In the Sea of Cortez, Baja, Mexico, there lives a small porpoise, in fact the smallest porpoise in the world and the most endangered cetacean on the planet. Save The Whales, through a consortium of ocean-related groups called Viva Vaquita!, has tried numerous methods to attract the public's attention to the plight of the vaquita.
There's one move left and that is capturing some vaquita and breeding them in captivit
This is a very risky move because the vaquita are hard to find, avoid boats, are very shy and there is the possibility of some of the fragile population being killed during the capture process or dying in the confines of captivity.
A male and female would have to be found and then breed in captivity. They sometimes move very fast and their capture would be difficult and dangerous. They would not be kept in tanks but in
water pens with the
of returning them to their home waters.
Helping in this endeavor will be the U.S. Navy and the bottlenose dolphins they have trained (but never to assist in the capture of a related species).
e dolphins are part of a team being assembled on both sides of the border. The goal of this group w
be to capture live
from the open water which
has never been accomplished.
Based in San Diego, in their every-day jobs, the dolphins are used for finding and removing underwater mines and detecting clandestine swimmers and divers in restricted areas.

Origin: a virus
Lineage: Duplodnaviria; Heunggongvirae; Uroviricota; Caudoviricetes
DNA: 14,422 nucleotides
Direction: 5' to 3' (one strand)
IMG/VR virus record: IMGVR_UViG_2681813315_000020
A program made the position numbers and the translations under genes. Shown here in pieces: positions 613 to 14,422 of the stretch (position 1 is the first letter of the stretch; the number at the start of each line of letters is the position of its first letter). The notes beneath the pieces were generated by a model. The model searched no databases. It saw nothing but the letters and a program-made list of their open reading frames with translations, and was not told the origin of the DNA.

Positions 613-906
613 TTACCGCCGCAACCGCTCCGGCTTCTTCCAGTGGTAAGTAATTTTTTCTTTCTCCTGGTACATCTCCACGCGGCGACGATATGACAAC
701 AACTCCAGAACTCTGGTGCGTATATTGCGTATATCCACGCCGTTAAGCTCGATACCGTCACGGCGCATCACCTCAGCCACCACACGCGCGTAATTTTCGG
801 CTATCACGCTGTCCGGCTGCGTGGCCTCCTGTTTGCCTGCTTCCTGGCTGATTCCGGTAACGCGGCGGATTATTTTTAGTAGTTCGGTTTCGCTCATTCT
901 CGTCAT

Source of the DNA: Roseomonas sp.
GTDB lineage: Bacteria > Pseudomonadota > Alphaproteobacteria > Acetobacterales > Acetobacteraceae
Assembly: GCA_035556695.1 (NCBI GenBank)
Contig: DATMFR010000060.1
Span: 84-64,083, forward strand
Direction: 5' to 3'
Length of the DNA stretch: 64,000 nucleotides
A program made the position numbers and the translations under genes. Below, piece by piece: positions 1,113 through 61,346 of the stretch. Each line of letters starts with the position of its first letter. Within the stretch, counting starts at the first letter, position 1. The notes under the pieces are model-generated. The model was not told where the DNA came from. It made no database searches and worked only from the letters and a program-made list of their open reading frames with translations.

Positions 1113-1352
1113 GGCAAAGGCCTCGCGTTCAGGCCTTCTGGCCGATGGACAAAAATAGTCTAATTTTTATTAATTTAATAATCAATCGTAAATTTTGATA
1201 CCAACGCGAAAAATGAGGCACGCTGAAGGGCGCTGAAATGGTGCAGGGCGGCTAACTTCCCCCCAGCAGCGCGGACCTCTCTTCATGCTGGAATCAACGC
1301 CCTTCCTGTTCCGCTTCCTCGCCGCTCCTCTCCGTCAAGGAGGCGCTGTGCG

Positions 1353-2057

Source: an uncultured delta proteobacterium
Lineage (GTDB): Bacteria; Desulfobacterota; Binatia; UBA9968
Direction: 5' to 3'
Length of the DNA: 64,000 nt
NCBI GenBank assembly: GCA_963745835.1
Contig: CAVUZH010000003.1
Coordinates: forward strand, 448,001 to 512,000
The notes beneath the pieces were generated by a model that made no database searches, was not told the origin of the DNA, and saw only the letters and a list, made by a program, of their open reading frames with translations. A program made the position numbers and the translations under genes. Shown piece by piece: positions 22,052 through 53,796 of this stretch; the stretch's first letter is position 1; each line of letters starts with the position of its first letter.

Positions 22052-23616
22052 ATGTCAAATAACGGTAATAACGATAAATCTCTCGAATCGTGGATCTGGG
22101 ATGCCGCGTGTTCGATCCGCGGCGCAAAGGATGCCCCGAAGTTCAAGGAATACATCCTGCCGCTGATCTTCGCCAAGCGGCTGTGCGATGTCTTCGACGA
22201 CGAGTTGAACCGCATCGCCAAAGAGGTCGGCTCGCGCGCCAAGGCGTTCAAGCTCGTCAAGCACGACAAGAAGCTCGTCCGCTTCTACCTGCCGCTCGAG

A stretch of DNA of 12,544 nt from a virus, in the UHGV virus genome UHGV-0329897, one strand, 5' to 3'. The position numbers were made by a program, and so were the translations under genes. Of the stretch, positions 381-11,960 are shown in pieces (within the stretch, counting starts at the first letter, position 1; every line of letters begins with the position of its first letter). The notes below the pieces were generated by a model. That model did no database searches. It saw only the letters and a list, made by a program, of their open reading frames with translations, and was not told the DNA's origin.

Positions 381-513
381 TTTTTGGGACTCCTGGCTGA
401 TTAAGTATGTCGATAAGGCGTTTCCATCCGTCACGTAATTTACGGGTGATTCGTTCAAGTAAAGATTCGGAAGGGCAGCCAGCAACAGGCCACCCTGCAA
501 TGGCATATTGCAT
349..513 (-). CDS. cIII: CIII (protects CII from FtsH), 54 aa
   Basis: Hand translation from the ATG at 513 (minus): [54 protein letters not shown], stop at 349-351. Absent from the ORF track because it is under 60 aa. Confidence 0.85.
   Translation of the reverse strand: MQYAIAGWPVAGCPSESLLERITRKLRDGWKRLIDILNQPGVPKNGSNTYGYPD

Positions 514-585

The team of experts, including veterinary case specialists, is expected to attempt capture of the vaquitas in the spring. This effort is being spearheaded by the Mexican Secretariat of Environment and Natural Resources.
Despite a massive two-year plan to save the vaquita, including a ban on gillnetting in the porpoises' habitat, the population has continued to decline largely due to China's unrelenting and illegal fishery for the totoaba. This large fish, whose swim bladders bring exorbitant prices in China, is believed to be an
aphrodisiac with no evidence to support this claim.
Now, the dolphin team will turn its particular set of skills toward the vaquita. Plans are to use the bottlenose dolphins to locate and capture a few vaquitas and transport them to a safe location.
The bottlenose would be used to identify the vaquita by their echolocation signals and notify their Navy handlers.
If the captured vaquitas were then to breed, that would be ideal, but Dr. Barbara Taylor* of NOAA is not raising her hopes. The team just hopes to keep a few vaquitas alive.
Eventually, the goal is to return the tiny porpoises to the waters in the Gulf where they came from. Dr. Taylor said that even as the capture plans continue, it's a plan with huge risks and some environmental groups are opposed. While opposed to captivity, even though they will not be in tanks, we realize this is a last-ditch effort. We hope that it is successful.